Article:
# Circle the letter corresponding to the best answer

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```					Test 1A                                AP Statistics                        Name:
Directions: Work on these sheets. Answer completely, but be concise.

Part 1: Multiple Choice.   Circle the letter corresponding to the best answer.

1. Which of the following statements is NOT true?
(a) In a symmetric distribution, the mean and the median are equal.
(b) The first quartile is equivalent to the twenty-fifth percentile.
(c) In a symmetric distribution, the median is halfway between the first and third quartiles.
(d) The median is always greater than the mean.
(e) The range is the difference between the largest and the smallest observation in the data set.

2. Consumers’ Union measured the gas mileage in miles per gallon of 38 automobiles from the same
model year on a special test track. The pie chart below provides information about the country of
manufacture of the model cars used by Consumers’ Union. Based on the pie chart, we may
conclude that
(a) Japanese cars get significantly lower gas mileage than cars of other countries. This is because
their slice of the pie is at the bottom of the chart.
(b) U.S cars get significantly higher gas mileage than cars from other countries.
(c) Swedish cars get gas mileages that are between those of Japanese and U.S. cars.
(d) Mercedes, Audi, Porsche, and BMW represent approximately a quarter of the cars tested.
(e) More than half of the cars in the study were from the United States.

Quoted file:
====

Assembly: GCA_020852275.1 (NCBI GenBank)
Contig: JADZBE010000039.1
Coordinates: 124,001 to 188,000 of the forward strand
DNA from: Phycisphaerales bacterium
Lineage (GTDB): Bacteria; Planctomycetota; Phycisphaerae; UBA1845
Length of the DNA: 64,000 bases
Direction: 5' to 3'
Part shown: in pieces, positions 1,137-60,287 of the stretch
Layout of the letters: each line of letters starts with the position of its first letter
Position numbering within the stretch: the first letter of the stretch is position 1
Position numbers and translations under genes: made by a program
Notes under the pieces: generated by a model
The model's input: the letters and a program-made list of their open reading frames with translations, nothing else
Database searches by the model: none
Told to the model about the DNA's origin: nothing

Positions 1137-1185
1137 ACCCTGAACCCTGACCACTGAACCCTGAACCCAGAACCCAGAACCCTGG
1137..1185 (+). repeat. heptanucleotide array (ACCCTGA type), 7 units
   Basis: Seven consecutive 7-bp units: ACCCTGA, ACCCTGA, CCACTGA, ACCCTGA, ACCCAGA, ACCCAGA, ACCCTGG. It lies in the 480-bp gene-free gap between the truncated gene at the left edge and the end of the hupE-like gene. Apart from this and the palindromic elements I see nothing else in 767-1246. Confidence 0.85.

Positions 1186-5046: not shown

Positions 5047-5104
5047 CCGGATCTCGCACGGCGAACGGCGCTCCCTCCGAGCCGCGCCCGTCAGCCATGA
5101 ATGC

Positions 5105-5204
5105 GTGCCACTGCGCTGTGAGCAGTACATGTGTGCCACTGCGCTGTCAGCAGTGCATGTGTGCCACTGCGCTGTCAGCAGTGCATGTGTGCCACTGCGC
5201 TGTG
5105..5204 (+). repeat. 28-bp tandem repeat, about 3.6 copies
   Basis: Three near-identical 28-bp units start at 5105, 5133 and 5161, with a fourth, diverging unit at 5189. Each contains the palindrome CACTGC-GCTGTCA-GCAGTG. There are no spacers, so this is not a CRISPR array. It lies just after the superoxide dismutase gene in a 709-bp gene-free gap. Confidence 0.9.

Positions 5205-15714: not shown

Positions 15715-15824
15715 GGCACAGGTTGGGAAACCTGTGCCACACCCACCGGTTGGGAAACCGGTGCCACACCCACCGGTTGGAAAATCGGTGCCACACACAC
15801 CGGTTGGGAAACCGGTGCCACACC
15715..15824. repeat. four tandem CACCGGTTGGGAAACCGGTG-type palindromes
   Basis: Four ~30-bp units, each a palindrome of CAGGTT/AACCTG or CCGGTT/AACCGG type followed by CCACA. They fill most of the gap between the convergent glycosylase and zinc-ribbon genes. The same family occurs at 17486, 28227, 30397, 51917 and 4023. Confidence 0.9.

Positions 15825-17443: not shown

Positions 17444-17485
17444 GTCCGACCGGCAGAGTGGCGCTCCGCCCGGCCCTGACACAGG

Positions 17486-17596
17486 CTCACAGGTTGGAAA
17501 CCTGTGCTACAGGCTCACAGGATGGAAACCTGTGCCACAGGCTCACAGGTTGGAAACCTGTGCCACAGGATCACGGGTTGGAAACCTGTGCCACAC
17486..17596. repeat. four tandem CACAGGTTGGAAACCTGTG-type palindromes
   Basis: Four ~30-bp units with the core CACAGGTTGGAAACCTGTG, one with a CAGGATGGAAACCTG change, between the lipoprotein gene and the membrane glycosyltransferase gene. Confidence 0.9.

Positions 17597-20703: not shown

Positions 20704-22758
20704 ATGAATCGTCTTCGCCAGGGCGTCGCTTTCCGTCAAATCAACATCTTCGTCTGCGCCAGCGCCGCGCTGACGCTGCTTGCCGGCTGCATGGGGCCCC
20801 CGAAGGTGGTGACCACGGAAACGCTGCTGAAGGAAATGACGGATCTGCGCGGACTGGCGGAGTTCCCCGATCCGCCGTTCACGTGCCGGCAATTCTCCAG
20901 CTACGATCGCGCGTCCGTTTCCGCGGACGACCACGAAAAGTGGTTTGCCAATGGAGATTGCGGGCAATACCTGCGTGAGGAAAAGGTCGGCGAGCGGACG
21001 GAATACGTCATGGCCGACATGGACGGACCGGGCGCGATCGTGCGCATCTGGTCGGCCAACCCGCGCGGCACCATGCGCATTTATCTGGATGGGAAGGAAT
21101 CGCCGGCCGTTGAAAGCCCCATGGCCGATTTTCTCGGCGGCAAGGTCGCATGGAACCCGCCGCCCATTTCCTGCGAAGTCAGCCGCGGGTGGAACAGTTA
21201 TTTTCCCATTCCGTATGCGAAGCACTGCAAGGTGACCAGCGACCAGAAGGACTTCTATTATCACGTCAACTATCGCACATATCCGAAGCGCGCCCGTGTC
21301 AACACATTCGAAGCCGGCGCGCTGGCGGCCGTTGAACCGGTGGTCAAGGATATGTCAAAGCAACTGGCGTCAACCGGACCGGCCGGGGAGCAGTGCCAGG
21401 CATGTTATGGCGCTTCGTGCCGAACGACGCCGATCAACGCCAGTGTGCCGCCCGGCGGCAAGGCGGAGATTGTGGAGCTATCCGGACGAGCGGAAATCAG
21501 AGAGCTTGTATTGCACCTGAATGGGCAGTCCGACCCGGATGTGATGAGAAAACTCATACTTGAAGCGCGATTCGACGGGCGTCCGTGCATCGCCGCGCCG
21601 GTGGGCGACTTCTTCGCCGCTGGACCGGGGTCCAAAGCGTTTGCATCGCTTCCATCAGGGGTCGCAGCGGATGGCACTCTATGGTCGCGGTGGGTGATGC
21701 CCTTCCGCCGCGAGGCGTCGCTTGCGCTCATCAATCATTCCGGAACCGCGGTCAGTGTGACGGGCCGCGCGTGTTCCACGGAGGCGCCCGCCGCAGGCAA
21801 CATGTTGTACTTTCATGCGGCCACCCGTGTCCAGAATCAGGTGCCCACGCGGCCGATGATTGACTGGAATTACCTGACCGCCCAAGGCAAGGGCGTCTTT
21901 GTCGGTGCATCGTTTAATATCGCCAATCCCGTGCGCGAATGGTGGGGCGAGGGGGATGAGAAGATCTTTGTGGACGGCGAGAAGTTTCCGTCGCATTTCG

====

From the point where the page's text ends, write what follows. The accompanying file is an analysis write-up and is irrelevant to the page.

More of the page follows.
3. A researcher reports that, on average, the participants in his study lost 10.4 pounds after two
months on his new diet. A friend of yours comments that she tried the diet for two months and lost
no weight, so clearly the report was a fraud. Which of the following statements is correct?
(a) Your friend must not have followed the diet correctly, since she did not lose weight.
(b) Since your friend did not lose weight, the report must not be correct.
(c) The report gives only the average. This does not imply that all participants in the study lost
10.4 pounds or even that all lost weight. Your friend’s experience does not necessarily
(d) In order for the study to be correct, we must now add your friend’s results to those of the study
and recompute the new average.
(e) Your friend is an outlier.

Chapter 1                                     1                                                    Test 1A
4. The following is an ogive of the number of ounces of alcohol (one ounce is about 30 milliliters)
consumed per week in a sample of 150 college students.

A study wished to classify the students as “light,” “moderate,” “heavy,” and “problem” drinkers by
the amount consumed per week. About what percent of students are moderate drinkers, that is,
consume between 4 and 8 ounces per week?
(a) 60%
(b) 20%
(c) 40%
(d) 80%
(e) 50%

5. “Normal” body temperature varies by time of day. A series of readings was taken of the body
temperature of a subject. The mean reading was found to be 36.5°C with a standard deviation of
0.3°C. When converted to °F, the mean and standard deviation are (°F = °C(1.8) + 32):
(a) 97.7, 32
(b) 97.7, 0.30
(c) 97.7, 0.54
(d) 97.7, 0.97
(e) 97.7, 1.80

6. The following is a histogram showing the actual frequency of the closing prices of a particular
stock on the New York Stock Exchange. The class that contains the 80th percentile is
(a) 20–30
(b) 10–20
(c) 40–50
(d) 50–60
(e) 30–40

Chapter 1                                   2                                                    Test 1A
7. Which of the following is likely to have a mean that is smaller than the median?
(a) The salaries of all National Football League players.
(b) The scores of students (out of 100 points) on a very easy exam in which most get nearly perfect
scores but a few do very poorly.
(c) The prices of homes in a large city.
(d) The scores of students (out of 100 points) on a very difficult exam in which most get poor
scores but a few do very well.